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Trial record 32 of 168 for:    curcumin

Improved Oral Bioavailability of Curcumin Incorporated Into Micelles

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ClinicalTrials.gov Identifier: NCT01982734
Recruitment Status : Completed
First Posted : November 13, 2013
Last Update Posted : October 25, 2016
Sponsor:
Collaborator:
German Federal Ministry of Education and Research
Information provided by (Responsible Party):
University of Hohenheim

Brief Summary:
Curcumin, a lipophilic polyphenol derived from the plant curcuma longa possesses numerous health-promoting activities. The oral bioavailability of curcumin is low due to its poor aqueous solubility, limited gastrointestinal absorption, rapid metabolism and excretion. Therefore, we tested, in a randomized crossover study, simultaneous application of phytochemicals and micellar solubilisation, alone and together, as strategies to enhance the absorption of curcumin into the body. Furthermore, we investigated age and sex differences in curcumin pharmacokinetics.

Condition or disease Intervention/treatment Phase
Pharmacokinetics of New Curcumin Formulations Safety of New Curcumin Formulations Dietary Supplement: curcumin Early Phase 1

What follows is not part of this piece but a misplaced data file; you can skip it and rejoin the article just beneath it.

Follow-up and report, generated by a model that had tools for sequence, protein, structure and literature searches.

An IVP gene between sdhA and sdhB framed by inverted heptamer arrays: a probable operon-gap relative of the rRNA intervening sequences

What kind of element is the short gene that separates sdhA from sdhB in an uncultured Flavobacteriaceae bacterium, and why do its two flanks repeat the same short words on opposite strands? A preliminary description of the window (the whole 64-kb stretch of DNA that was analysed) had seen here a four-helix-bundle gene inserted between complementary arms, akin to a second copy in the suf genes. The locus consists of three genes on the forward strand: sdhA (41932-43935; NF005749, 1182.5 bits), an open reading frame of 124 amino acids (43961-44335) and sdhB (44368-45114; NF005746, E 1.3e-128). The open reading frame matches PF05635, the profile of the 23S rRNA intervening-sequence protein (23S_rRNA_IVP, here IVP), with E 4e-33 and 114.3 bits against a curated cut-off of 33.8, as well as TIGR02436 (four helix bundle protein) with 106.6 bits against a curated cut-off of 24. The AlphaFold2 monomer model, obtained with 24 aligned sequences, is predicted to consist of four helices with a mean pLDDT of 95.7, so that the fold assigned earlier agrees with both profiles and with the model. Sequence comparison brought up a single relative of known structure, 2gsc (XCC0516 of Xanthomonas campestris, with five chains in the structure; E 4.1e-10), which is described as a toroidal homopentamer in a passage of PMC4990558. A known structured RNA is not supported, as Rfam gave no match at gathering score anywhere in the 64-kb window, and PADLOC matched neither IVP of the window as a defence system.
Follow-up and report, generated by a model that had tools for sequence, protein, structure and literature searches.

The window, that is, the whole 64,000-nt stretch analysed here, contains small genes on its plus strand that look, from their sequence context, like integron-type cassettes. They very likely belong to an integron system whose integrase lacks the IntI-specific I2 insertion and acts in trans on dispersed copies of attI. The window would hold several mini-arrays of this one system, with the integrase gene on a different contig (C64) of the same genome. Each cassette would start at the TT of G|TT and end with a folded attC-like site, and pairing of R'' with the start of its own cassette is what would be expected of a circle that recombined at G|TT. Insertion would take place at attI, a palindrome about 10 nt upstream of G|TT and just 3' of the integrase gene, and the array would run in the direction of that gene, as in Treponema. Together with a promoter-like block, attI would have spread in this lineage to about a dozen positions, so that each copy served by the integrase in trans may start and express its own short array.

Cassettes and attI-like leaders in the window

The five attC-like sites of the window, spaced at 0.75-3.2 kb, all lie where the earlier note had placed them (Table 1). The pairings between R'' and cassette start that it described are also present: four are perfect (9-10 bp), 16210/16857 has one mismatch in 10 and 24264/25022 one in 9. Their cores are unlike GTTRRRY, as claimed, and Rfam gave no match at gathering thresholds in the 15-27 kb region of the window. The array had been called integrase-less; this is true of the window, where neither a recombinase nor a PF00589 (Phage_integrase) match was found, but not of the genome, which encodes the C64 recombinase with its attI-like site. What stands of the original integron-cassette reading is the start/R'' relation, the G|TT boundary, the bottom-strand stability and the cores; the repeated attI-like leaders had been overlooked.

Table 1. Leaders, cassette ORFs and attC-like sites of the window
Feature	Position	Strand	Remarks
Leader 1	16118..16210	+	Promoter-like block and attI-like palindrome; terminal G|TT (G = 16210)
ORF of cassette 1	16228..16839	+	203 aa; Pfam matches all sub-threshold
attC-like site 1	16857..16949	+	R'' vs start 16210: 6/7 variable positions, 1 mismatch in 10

Study Type : Interventional  (Clinical Trial)
Actual Enrollment : 23 participants
Allocation: Randomized
Intervention Model: Crossover Assignment
Masking: Single (Participant)
Primary Purpose: Basic Science
Official Title: Novel Strategies for the Enhancement of the Potency of Nutraceuticals With Low Oral Bioavailability and Their Application in Novel Functional Foods for Optimum Protection of the Aging Brain
Study Start Date : November 2012
Actual Primary Completion Date : April 2013
Actual Study Completion Date : April 2013

Arm Intervention/treatment
Active Comparator: Native curcumin
80 mg curcumin as native powder
Dietary Supplement: curcumin
80 mg curcumin were given orally either as native powder, native powder plus phytochemicals,micelles or micelles plus phytochemicals
Experimental: Native curcumin plus phytochemicals
80 mg curcumin as native powder plus 80 mg sesamin, 40 mg naringenin, 40 mg ferulic acid and 40 mg xanthohumol
Dietary Supplement: curcumin
80 mg curcumin were given orally either as native powder, native powder plus phytochemicals,micelles or micelles plus phytochemicals
Experimental: Curcumin micelles
80 mg curcumin incorporated into liquid micelles
Dietary Supplement: curcumin
80 mg curcumin were given orally either as native powder, native powder plus phytochemicals,micelles or micelles plus phytochemicals
Experimental: Curcumin micelles plus phytochemicals
80 mg curcumin incorporated into liquid micelles plus 80 mg sesamin, 40 mg naringenin, 40 mg ferulic acid, 40 mg xanthohumol incorporated into micelles